About FOUR in 10 small businesses were victims of cyberattacks last year … causing billions in damages.
KPBS’s Alexander Nguyen takes a look at the city of San Diego’s newly launched Cyber Lab that seeks to help small businesses and public agencies ward off cyber attacks.
The city of San Diego got nearly a million dollars from the Department of Homeland Security to set up a regional resource to combat cybercrime. Darren Bennet is the city’s chief information security officer. “If cybercrime was its own economy – world economy — it would be the third largest after the US and China.” He says it’s a huge problem … not only for government agencies … but also for small businesses. That’s why the cyber lab is here … to share resources and spot vulnerabilities. For more information about the resources available at the Regional Cyber Lab … visit san diego dot gov – slash cyber **dash** lab. AN/KPBS
Barrio Logan residents may be getting relief from pungent odors coming from a biofuels plant on Newton Avenue.
KPBS Environment reporter Erik Anderson has details.
New Leaf Biofuel officials say a new activated carbon filter system is up and running and one resident says she’s noticed the difference. Maria Fernanda Corral lives across the street from the factory. Maria Fernanda Corral, Barrio Logan Resident “Today we’re very thankful that it’s a good day. That way we can come out on the patio. We can do our plants. We can even sit for a little while or take sun.” That plant’s new system is designed to contain the pungent odors generated when the cooking oil is turned into diesel fuel. Neighbors have been complaining about the smell for more than a year and the company had until December 9th to fix the issue. Air quality regulators will inspect and track the situation at least through next spring. Erik Anderson KPBS News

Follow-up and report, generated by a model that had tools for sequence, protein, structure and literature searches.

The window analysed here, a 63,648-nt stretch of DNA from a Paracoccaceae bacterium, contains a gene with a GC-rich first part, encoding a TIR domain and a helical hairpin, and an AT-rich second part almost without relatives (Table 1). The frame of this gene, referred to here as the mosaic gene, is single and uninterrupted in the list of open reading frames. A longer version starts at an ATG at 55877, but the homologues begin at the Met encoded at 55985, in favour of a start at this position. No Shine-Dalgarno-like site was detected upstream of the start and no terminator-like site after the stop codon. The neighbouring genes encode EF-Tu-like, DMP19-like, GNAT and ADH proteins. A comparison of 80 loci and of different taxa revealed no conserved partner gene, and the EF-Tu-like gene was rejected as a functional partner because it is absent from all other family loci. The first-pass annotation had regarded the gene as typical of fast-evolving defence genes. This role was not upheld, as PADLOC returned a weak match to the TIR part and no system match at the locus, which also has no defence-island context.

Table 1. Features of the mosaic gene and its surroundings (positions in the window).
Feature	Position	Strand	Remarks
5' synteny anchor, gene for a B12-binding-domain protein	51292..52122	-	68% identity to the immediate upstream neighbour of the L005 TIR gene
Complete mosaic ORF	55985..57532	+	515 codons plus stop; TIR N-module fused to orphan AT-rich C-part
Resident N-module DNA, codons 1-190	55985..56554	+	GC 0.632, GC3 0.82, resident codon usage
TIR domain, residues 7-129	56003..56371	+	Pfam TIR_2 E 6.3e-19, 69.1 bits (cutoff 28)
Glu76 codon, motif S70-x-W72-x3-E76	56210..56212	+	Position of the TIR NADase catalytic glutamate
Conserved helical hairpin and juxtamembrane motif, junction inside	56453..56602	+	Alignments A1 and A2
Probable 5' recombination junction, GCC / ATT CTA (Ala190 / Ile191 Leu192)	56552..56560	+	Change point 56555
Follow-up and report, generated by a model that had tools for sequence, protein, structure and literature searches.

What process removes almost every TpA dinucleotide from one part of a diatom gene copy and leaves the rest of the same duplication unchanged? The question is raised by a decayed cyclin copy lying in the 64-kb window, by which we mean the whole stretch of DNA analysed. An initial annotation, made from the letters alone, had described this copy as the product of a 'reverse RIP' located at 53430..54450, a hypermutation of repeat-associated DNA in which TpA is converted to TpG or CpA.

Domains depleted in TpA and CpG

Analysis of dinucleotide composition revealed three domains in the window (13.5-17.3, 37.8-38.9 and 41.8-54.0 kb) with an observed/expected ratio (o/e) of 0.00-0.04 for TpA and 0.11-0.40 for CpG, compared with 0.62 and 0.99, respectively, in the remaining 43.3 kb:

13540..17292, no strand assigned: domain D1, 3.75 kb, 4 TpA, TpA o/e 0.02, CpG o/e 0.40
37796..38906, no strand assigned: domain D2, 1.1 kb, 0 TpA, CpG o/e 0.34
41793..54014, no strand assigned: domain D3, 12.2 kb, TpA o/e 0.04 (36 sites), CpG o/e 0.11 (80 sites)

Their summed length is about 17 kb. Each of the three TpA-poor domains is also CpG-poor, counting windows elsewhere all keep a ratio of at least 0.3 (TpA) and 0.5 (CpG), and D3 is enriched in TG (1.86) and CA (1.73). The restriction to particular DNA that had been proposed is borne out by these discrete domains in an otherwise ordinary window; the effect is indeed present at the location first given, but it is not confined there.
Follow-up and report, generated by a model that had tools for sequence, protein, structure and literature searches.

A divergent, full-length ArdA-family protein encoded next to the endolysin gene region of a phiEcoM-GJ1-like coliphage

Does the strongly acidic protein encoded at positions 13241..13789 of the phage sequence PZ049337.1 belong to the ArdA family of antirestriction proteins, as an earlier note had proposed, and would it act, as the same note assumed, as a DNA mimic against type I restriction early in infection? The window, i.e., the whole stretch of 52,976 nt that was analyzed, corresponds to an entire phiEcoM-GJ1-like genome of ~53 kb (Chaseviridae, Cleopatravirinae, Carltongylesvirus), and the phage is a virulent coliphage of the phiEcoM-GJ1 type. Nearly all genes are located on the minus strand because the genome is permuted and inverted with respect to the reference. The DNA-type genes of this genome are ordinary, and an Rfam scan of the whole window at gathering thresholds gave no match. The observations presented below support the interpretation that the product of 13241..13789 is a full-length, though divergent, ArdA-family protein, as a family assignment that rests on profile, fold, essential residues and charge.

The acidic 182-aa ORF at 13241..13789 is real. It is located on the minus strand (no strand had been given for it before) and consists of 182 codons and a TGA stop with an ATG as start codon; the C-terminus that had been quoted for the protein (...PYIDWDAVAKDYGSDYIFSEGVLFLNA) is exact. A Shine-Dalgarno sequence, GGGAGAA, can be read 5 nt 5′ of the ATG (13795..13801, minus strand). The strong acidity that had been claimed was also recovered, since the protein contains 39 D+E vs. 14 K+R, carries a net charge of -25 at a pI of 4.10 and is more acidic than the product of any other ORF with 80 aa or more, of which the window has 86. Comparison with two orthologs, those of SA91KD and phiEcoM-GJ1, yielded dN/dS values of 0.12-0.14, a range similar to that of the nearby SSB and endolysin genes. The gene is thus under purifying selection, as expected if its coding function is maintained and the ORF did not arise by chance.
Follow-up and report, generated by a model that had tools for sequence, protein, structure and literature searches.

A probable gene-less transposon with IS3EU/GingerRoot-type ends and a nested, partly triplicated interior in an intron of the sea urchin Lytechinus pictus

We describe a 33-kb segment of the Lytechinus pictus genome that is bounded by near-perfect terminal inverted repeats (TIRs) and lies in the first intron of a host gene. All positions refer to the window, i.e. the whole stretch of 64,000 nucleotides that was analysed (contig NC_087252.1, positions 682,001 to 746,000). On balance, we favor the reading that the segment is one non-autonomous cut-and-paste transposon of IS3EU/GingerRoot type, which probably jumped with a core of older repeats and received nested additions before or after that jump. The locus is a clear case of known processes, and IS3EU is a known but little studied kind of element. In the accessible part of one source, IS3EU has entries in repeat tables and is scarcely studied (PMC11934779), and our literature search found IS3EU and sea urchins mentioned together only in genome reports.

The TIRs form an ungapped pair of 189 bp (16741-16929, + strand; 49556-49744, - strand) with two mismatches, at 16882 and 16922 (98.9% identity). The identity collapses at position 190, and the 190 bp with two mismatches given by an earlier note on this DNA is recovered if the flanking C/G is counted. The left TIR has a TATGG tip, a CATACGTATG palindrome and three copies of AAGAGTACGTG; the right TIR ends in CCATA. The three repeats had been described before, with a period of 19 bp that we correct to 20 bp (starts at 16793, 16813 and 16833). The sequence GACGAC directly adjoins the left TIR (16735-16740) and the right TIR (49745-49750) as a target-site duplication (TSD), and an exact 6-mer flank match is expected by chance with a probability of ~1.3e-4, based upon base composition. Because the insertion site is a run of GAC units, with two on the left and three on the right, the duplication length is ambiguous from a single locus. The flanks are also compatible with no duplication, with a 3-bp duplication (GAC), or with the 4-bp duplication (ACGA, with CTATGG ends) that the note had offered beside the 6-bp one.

Coming up.... A new report says Balboa Park will need a lot of upkeep to last in the future. We’ll have that story and more, next, just after the break.
Balboa Park has been a part of San Diego for more than 150 years.
But a new report says if it’s going to be around for another 150, it needs a lot of work that will cost a lot of money.
Here’s KPBS reporter John Carroll.
Balboa Park is known as the crown jewel of San Diego… for good reason. But the jewel is losing its lustre. A new report from the Burnham Center for Community Advancement says deferred maintenance and updated facilities are just part of the challenge. The report says nearly half-a-billion dollars is needed to bring the park up to snuff. A big part of the challenge is how the park is managed - says Burnham Center CEO Tad Parzen. “The systems that drive the park are decades old… the infrastructure is aging, and what we built decades ago to serve the community and maintain the park… we’ve just outgrown it.” The report lists a number of suggestions on how to improve the park - including a cabinet level department in the city to manage it… so that’s it around for generations to come. JC, KPBS News.
Improvements in North Park are also underway.
Property owners this year approved a new tax on themselves to fund extra cleanups, landscaping and other improvements on streets and storefronts.
inewsource reporter Crystal Niebla explains.
CRYSTAL: North Park’s new tax will replace an expiring one, and it’ll be 29% higher. The affected properties run generally along University Avenue and 30th Street. Joe Wombacher, who lives within the area affected by the new tax, says he has noticed dirtier streets and gutters. So getting taxed for the maintenance is worth it. WOMBACHER: “I personally wouldn’t be opposed to a modest increase in taxes if they kept the streets clean.” CRYSTAL: The tax faced some opposition but ultimately passed with 60% support. Property owners’ votes were weighted based on the value of their properties. CRYSTAL: For KPBS, I’m inewsource reporter Crystal Niebla.
inewsource is an independently funded, nonprofit partner of KPBS.
Last month, PlayStation released ‘God of War Ragnarok’, an action-adventure game developed by Santa Monica Studio.
If you have played the game then you have probably killed San Diego stuntman Fernando Jay Huerto more than once.
KPBS arts reporter Beth Accomando has worked with Huerto on some of his 48-Hour Film Projects, and spoke to him about doing mo-cap or motion captive work for the video game.
That was Fernando Jay Huerto, speaking with KPBS arts reporter Beth Accomando.
‘God of War Ragnarok’ became PlayStation's fastest selling game.
You can see Huerto's work on his youTube Channel, ‘Jabronie Pictures.’
That’s it for the podcast today. As always you can find more San Diego news online at KPBS dot org. I’m Debbie Cruz. Thanks for listening and have a great day.